Sunday, February 28, 2021

Sunday, February 28, 2021 11:10 am by M. in , , , , , ,    No comments
The Bolton News presents the upcoming (next March 17th) The Brontës: Reimagined; Reappraised; Revisited event:
The work of the 19th Century literary sisters, The Brontës, will feature in a creative festival event next month.
"The Brontës: Reimagined; Reappraised; Revisited" will take place online on Wednesday, March 17 at 6.30pm with two authors of the famous sisters set to discuss their lives and their novels.
"A View From the 21st Century" Brontë biographies Dr Sophie Franklin and Adelle Hay will give their insights at the event, organised by Bolton Library and Museum Services and Saraband Press.
Questions may be debated such as "who was the real Charlotte Brontë?" and "was Emily a woman ahead of her time?"
"Why has Anne been endlessly sidelined?" and "which is the greatest Brontë novel of all?" may be discussed.
The event, which is free to book, is part of the New Words Festival, a joint online book festival celebrating the partnership between the Time to Read network.
It is funded by the Arts Council England.
To book to receive a link on Zoom visit (James Mutch)
Insider looks at the best British films of the last decade:
Wuthering Heights (2011)
Andrea Arnold's unconventional re-imagining of Emily Brontë's classic novel strips away all the period-drama clichés we are accustomed to seeing when any Brontë is hauled over to the big-screen to create an immersive and incredibly daring drama that pushes beyond the well-known love story of Catherine Earnshaw and Heathcliffe (sic).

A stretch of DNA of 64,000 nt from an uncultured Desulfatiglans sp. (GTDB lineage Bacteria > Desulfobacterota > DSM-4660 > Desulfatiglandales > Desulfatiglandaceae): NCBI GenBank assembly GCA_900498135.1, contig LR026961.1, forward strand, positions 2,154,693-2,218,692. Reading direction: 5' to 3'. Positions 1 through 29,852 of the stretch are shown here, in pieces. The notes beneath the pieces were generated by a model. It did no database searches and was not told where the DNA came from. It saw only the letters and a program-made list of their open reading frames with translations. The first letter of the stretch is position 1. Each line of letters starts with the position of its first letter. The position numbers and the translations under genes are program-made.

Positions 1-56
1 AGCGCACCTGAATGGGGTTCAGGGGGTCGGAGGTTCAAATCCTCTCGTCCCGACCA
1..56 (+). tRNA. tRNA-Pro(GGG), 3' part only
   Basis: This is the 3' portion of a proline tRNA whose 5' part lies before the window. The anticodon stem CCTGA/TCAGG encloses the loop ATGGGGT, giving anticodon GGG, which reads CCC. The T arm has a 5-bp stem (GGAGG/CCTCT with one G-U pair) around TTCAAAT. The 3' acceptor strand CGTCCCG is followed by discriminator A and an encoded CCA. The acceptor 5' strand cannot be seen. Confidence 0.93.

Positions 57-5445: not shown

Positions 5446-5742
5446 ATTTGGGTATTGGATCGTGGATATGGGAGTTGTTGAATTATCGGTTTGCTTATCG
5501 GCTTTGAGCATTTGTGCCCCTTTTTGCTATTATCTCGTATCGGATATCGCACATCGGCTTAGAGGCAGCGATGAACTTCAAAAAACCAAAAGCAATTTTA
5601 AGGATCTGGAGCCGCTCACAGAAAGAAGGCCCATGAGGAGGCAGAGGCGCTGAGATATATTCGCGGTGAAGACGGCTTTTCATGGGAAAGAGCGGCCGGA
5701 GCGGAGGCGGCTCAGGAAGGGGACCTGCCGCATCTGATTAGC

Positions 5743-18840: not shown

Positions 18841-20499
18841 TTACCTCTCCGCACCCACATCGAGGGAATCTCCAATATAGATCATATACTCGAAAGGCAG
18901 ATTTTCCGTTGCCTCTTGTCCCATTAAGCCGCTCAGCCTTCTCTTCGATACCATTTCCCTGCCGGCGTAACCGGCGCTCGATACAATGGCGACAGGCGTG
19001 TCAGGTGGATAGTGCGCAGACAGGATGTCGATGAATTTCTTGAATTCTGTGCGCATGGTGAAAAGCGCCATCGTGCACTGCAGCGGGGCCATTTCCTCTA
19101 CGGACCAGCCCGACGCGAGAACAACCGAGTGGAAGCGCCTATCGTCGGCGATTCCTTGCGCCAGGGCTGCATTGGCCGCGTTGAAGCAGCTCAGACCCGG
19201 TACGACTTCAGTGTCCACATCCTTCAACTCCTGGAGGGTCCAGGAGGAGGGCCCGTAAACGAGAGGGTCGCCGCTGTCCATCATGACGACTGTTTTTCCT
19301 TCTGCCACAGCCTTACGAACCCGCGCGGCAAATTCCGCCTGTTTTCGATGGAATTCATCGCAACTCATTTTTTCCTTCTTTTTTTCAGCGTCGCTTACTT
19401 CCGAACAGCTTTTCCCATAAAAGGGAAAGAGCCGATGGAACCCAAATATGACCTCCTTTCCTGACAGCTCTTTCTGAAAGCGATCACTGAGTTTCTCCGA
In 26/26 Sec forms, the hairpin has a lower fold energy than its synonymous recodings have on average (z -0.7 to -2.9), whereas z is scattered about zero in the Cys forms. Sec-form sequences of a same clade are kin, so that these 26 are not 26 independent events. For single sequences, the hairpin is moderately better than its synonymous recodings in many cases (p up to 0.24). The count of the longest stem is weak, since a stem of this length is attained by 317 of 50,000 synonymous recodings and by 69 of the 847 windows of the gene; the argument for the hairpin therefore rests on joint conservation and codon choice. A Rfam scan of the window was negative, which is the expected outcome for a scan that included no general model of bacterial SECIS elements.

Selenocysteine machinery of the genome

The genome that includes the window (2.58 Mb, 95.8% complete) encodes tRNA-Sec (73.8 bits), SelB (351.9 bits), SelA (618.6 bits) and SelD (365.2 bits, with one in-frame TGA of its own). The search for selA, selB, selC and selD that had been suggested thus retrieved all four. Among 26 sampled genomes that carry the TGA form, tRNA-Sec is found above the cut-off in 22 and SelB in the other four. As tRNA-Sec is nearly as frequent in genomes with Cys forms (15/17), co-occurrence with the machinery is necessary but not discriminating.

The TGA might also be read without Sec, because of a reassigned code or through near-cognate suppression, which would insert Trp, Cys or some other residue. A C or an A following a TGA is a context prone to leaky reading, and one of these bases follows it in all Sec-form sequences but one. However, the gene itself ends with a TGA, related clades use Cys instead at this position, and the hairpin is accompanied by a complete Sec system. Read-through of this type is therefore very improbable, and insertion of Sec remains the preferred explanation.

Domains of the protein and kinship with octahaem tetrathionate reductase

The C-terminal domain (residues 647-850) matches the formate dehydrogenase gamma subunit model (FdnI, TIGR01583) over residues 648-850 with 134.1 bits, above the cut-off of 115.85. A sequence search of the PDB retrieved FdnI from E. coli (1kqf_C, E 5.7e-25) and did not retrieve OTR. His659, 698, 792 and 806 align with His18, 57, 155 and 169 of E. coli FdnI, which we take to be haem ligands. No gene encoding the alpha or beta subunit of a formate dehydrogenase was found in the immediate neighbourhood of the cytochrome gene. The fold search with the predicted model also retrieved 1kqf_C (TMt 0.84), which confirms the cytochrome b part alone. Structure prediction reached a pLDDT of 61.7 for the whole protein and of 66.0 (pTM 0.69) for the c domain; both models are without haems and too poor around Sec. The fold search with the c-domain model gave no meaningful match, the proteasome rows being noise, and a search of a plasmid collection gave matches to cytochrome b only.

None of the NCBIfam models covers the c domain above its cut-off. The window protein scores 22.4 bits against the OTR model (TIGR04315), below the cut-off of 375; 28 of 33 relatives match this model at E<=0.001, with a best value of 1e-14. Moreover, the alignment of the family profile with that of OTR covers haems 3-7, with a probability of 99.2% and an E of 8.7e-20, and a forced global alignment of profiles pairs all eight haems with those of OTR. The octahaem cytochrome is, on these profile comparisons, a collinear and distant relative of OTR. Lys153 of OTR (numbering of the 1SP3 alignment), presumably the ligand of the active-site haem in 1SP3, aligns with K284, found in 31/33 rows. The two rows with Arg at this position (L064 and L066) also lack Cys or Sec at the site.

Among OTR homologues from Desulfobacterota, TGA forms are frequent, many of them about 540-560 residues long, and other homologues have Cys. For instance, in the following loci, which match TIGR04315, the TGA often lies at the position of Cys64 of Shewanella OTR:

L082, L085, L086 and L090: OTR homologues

Instead, Arnold uses the love between the two young northerners who are split by rank; and, most prominently in Arnold's adaptation, race to create a movie that offers up all the gothic spirit of the novel alongside the even darker history of British imperialism. (Zac Ntim)
The Sunday Times selects it as one of the films on next week's TV:
Wuthering Heights (Film4, Wednesday, 12.50am)
The director Andrea Arnold, who made her name with social-realist dramas such as 2009’s Fish Tank, emphasises rough textures in this Emily Brontë adaptation, bringing us in close to Heathcliff and Catherine (James Howson and Kaya Scodelario) and their windswept world. Despite this immediacy, the pair’s inner lives remain a bit too distant from us, but the film is bracing, all the same. (2011) (Edward Porter)
Discover Bradford with new walking tours according to The Telegraph & Argus:
Bradford BID has launched a series of safe walking tours to help people rediscover their city centre and keep active during lockdown.
The BID has teamed up with the award-winning high street app LoyalFree to develop the walking trails. (...)
The app has also digitised Bradford in Blue Plaque Trails, allowing residents to discover some remarkable – and, sometimes, surprising – sites of international significance. Do you know, for instance, where Bradford’s original Old Manor House stood? Or where the Brontë sisters’ brother used to live and work? (Felicity Macnamara)

First Post (India) talks about Nancy Drew, the series: